Dr. Bob Allen presented “The Souls of Black Baseball: Barnstorming the Keystone State,” an oral history of black baseball in Pennsylvania, on Monday night at the Penn State All-Sports Museum.
"Sports played an incredible role in integrating this country," Allen, freelance writer and researcher, said.
Allen showed a video of several baseball players, including the late Stanley Glenn and Bill "Ready" Cash, both of the Philadelphia Stars, sharing their experiences in Negro League Baseball.
Cash recalled a 28-day bus trip the Philadelphia Stars took in late 1940 from Philadelphia to Tyler, Texas, playing games all along the way. The trip was filled with blown out bus motors, speeding tickets, 100 degree weather and very little sleep. When players arrived in Texas they weren't allowed to use the locker rooms and once they finally got on the field they were greeted with racist slurs during warm-ups.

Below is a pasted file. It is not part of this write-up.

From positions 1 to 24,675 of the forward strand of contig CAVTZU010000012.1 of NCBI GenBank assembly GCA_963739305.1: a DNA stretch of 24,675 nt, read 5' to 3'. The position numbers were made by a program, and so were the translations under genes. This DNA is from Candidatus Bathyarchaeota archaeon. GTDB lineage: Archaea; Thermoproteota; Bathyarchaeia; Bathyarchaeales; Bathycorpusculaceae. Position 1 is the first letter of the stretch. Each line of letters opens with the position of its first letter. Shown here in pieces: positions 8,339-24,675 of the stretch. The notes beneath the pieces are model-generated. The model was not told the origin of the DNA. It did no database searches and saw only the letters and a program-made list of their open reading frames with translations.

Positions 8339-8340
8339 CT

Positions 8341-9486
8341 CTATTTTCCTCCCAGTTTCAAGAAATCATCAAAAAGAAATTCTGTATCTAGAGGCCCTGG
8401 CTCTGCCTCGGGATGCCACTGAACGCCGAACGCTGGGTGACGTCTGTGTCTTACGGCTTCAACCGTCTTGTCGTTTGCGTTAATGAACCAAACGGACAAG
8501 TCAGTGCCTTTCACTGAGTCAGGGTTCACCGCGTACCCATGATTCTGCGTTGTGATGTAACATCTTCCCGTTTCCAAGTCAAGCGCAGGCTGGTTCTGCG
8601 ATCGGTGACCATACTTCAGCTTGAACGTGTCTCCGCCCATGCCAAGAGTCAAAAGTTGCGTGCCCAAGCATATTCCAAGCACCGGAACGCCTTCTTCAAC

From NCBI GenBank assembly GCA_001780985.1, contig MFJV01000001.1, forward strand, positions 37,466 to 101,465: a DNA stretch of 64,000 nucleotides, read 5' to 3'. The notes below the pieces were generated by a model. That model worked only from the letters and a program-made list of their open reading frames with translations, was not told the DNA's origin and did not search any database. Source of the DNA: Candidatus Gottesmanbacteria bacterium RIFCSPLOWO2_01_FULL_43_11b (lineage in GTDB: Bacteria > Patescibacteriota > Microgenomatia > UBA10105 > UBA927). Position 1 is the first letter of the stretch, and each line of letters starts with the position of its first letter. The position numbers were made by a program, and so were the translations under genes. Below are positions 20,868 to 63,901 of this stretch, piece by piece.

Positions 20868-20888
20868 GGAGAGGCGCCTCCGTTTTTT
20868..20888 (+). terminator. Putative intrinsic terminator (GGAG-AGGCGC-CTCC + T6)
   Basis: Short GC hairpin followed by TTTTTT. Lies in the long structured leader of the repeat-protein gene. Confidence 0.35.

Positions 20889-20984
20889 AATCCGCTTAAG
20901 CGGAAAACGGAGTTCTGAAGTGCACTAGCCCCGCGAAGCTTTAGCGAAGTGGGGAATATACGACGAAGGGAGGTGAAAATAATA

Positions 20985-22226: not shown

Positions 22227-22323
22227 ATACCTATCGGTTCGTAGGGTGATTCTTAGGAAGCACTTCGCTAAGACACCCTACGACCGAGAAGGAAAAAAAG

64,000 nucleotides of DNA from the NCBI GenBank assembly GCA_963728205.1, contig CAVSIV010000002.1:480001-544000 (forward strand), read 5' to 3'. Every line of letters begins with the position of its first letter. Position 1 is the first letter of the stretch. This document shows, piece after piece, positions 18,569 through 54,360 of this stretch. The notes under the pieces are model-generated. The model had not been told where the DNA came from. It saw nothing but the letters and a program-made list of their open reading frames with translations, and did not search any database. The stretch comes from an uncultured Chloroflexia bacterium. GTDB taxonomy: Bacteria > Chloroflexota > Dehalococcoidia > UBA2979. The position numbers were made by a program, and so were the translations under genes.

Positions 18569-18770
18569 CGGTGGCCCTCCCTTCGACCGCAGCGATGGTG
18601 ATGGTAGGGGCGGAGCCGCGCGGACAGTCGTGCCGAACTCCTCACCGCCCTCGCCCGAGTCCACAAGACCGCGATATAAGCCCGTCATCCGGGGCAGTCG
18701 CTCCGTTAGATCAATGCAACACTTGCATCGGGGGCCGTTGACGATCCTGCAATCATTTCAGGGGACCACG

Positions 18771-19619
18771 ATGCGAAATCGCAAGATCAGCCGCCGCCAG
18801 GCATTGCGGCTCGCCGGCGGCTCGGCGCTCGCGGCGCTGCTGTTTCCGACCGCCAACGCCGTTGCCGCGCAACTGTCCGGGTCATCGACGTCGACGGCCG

Cash added that a game in Birmingham, Ala., during the trip ended in a loss when 16 year-old unknown Willie Mays shocked the Stars with his unexpected talent at such a young age.
Allen spent 10 years traveling throughout the northeast attempting to interview every surviving player from the Negro League in order to promote and preserve the stories and history of Negro League Baseball.
Allen said the players he sat down with were competitive baseball players, but first and foremost, they were gentlemen.
During the video, players described the differences they saw in the Negro League.
Glenn said that Negro League was completely different because players needed to be able to do it all.
"They learned how to bunt, they learned how to run, and could score runs with no base hits or one base hit," Glenn said.
Allen said he hopes to bring this important part of history to light in order to memorialize who these players were and "to better understand who we might be."